The ‘Beast from the East’: Your farm storm checklist
Milk processors and department officials are warning Northern Irish farmers to prepare for cold conditions forecast for the rest of this week, as a weather system dubbed the ‘Beast from the East’ nears the UK and Ireland.
A Status Yellow weather warning has been put in place across Northern Ireland for Wednesday, February 28, and Thursday, March 1.
‘Help would be appreciated’
Milk processors have asked for farmers’ assistance as tankers face the prospect of narrow icy lanes and roads – many of which will be ungritted.
A message from Lakeland Dairies to suppliers read: “With ice and snow forecast, help in having yards and lanes gritted and tractor towing facilities available to assist with collections would be appreciated.”
But it’s not just the impact on logistics which should be considered.
“Even if we don’t get severe weather on this occasion, it is still worth keeping a close eye on the weather forecast and making some preparations for your farm,” a department spokesman said.
“The combination of low temperatures and wind chill can have significant impacts on the welfare of new born and young animals.
“A few moments spent now to prepare your farm for the worst, could save you time, money and difficult situations in the long run.”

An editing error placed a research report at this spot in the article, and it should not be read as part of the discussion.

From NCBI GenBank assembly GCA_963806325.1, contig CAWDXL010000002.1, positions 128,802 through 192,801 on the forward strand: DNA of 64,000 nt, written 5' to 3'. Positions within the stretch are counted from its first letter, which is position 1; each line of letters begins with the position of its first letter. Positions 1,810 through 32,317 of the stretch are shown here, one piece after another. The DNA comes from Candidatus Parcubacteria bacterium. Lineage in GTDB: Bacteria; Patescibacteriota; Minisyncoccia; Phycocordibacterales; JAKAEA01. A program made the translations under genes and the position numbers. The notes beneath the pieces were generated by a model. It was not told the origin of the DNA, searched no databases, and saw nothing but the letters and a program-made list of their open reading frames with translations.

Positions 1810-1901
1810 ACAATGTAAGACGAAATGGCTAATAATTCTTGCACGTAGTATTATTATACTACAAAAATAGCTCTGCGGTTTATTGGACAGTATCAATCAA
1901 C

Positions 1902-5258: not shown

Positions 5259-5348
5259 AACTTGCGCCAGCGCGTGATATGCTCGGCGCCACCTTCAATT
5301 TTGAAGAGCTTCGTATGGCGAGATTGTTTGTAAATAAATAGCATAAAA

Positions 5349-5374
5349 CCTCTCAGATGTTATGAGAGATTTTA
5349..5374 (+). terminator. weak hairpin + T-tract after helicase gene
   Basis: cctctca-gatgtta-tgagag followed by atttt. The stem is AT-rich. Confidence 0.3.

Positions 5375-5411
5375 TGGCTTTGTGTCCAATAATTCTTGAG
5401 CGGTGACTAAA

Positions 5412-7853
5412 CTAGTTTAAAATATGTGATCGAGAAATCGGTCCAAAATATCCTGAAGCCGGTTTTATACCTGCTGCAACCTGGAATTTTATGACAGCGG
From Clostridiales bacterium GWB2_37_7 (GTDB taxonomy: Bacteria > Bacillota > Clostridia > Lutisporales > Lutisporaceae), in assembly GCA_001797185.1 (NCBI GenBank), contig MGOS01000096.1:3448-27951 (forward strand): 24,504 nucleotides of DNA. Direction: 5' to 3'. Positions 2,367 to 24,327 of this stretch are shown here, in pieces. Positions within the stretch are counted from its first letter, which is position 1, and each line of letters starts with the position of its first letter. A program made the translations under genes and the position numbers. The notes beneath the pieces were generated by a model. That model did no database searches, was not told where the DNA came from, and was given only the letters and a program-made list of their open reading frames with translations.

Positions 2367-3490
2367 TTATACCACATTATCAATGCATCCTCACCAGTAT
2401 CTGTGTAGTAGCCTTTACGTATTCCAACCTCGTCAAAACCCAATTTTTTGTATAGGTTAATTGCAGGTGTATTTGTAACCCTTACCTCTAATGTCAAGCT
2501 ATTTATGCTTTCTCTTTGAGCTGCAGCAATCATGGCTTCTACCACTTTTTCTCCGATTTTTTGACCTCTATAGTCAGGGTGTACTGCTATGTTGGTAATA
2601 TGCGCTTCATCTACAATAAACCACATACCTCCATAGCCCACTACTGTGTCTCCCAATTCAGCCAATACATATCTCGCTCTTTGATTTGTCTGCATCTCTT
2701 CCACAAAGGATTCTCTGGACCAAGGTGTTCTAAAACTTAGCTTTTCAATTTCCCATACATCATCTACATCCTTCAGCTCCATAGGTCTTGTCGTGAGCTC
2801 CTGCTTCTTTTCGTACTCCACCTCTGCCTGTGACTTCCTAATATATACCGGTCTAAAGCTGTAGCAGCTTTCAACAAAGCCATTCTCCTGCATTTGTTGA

- Livestock on hills and upland areas are at most risk during heavy snowfalls and should be moved to lower ground or sheltered locations.
- Some fodder stocks could also be moved closer to the animals in case access routes become blocked with snow.
- Farm lanes and isolated roads can become unsafe in the event of snow or ice, so consider the need for marker signs at the edges.
Clean drinking water is essential on all livestock farms, but its supply to livestock sheds around the farm may be interrupted if pipes freeze in the frost or burst following a thaw.
On dairy farms, livestock drinking water accounts for between 50% and 75% of all water usage with lactating dairy cows drinking around 100L a day.
Water is also needed for cleaning and hygiene. Intensive pig and poultry units are very dependent on water supply and are subject to significant animal welfare risks if fresh water is not available.
- Ensure that you have at least 24 hours worth of water stored and check that all tanks, pipes and pumps are in good working order and not leaking.
- You should have a contingency plan in place if water disruption is for longer than that. It is also worth having a few extra plumbing fixtures and fittings in the workshop to repair leaks.
Ask yourself a few questions and create a checklist to identify actions required around the farm.
- If feedstuffs or other deliveries are disrupted, do you have sufficient in store to see you through a few more days?
- If milk collections are delayed, do you have extra storage capacity in place?
- Have you tested your stand-by electricity generator should electricity supply be disrupted?
Should you need to contact DAERA for animal welfare advice, please call: 0300-200-7840. Other emergency numbers can be found on the department’s website.